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Colin Harding, on:
the Kodak camera

Colin Harding Q: What was revolutionary about the Kodak camera in 1888?

The Kodak camera did incorporate a few novel components, but in itself, the camera wasn't in fact revolutionary. It was by no means the first hand camera. It wasn't even the first camera to use a form of roll holder. What was revolutionary was the fact that the camera was just part of a general system, the Kodak system. And it was this system that revolutionized photography. The Kodak camera effectively separated the art, in Eastman's words, of picture taking from picture making. So for the very first time, you didn't have to be a skilled photographer and skilled in the darkroom to actually make your own photographs. All you had to do was press the button and then send the entire camera off, back to the Kodak factory. At the factory, your film would be processed, your prints would be printed, a new film put in the camera, and it would be sent back to you. So in Eastman's wonderful slogan, "You press the button, we do the rest." And they did the rest for you. That was a revolutionary thing. It was the Kodak system, rather than the Kodak camera. The camera was just one part of the system as a whole.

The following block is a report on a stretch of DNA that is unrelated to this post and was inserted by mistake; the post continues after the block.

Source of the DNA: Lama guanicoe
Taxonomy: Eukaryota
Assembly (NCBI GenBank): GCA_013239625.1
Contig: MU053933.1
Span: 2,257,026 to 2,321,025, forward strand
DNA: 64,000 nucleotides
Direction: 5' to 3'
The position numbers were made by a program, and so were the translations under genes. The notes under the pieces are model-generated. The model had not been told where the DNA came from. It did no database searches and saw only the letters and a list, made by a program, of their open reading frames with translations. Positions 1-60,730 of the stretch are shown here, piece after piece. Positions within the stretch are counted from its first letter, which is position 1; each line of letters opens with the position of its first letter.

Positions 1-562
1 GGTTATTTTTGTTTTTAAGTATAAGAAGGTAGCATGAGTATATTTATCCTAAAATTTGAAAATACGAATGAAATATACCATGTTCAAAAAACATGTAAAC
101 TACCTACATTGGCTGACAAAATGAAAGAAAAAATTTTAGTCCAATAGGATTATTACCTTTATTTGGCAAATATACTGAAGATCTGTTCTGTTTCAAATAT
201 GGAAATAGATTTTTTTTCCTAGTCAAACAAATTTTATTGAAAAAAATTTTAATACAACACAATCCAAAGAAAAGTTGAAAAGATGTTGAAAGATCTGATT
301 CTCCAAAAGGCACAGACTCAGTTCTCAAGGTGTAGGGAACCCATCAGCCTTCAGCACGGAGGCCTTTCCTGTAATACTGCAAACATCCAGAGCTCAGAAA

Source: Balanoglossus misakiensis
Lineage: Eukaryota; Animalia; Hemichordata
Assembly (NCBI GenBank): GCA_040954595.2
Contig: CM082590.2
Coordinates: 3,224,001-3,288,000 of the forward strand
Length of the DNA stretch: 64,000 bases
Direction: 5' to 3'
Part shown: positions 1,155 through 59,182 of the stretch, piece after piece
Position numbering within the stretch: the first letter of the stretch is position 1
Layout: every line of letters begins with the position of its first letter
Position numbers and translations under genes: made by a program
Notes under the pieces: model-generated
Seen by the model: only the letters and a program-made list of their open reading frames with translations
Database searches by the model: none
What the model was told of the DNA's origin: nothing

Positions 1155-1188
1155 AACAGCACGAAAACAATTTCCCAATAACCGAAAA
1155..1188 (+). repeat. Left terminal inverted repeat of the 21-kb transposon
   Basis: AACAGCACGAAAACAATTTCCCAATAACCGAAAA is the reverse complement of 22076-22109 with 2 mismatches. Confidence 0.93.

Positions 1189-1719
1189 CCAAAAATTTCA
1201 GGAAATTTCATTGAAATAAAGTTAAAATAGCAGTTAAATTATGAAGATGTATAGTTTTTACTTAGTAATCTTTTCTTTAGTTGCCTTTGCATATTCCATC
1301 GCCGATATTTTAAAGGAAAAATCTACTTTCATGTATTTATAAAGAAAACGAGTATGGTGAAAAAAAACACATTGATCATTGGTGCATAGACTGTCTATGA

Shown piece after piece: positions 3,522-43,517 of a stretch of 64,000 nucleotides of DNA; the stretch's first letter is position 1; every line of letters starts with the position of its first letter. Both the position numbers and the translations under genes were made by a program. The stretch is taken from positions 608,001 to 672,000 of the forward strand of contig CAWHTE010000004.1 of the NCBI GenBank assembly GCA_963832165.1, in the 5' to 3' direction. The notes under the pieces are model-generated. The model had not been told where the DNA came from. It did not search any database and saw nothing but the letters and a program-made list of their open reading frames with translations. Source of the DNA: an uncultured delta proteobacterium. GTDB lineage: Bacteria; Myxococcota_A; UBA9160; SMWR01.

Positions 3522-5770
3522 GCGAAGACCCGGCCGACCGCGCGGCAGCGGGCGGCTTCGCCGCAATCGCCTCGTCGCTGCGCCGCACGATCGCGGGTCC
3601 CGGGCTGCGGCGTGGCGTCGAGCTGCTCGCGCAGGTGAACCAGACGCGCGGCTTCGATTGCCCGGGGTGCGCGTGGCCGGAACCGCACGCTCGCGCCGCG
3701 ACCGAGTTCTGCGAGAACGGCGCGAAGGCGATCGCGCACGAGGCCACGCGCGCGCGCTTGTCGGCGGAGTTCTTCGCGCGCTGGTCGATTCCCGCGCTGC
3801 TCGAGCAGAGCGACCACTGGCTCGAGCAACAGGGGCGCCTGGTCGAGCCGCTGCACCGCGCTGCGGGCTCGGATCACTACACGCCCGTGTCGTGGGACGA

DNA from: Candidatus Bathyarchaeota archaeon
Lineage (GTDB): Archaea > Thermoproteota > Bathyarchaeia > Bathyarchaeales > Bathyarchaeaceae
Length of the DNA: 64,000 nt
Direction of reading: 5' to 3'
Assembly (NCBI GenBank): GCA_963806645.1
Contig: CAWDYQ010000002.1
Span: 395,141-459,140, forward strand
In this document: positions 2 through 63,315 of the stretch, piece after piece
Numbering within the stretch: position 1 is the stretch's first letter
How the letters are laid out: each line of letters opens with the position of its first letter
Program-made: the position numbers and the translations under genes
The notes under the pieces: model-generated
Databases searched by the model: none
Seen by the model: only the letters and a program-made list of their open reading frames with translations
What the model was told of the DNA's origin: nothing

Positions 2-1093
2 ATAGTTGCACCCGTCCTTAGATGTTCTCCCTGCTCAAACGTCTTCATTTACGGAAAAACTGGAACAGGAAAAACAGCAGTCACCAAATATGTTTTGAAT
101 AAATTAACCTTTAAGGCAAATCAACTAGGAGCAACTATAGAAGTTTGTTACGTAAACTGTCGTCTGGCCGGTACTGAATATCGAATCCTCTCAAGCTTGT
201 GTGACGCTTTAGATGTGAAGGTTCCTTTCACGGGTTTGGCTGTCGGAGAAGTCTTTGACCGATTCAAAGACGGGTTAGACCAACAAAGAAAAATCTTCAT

Q: So the first Kodak was a toy for the rich?

The first Kodak was by no means a camera that everyone could afford. It was confined largely to those who had the means to afford it, but also the motive to use it. It was aimed very much at those who went on long holidays, who traveled, people who wanted a record of their travels but didn't want to buy commercially available photographs. So the Kodak was aimed very much at the affluent middle class or the upper classes.

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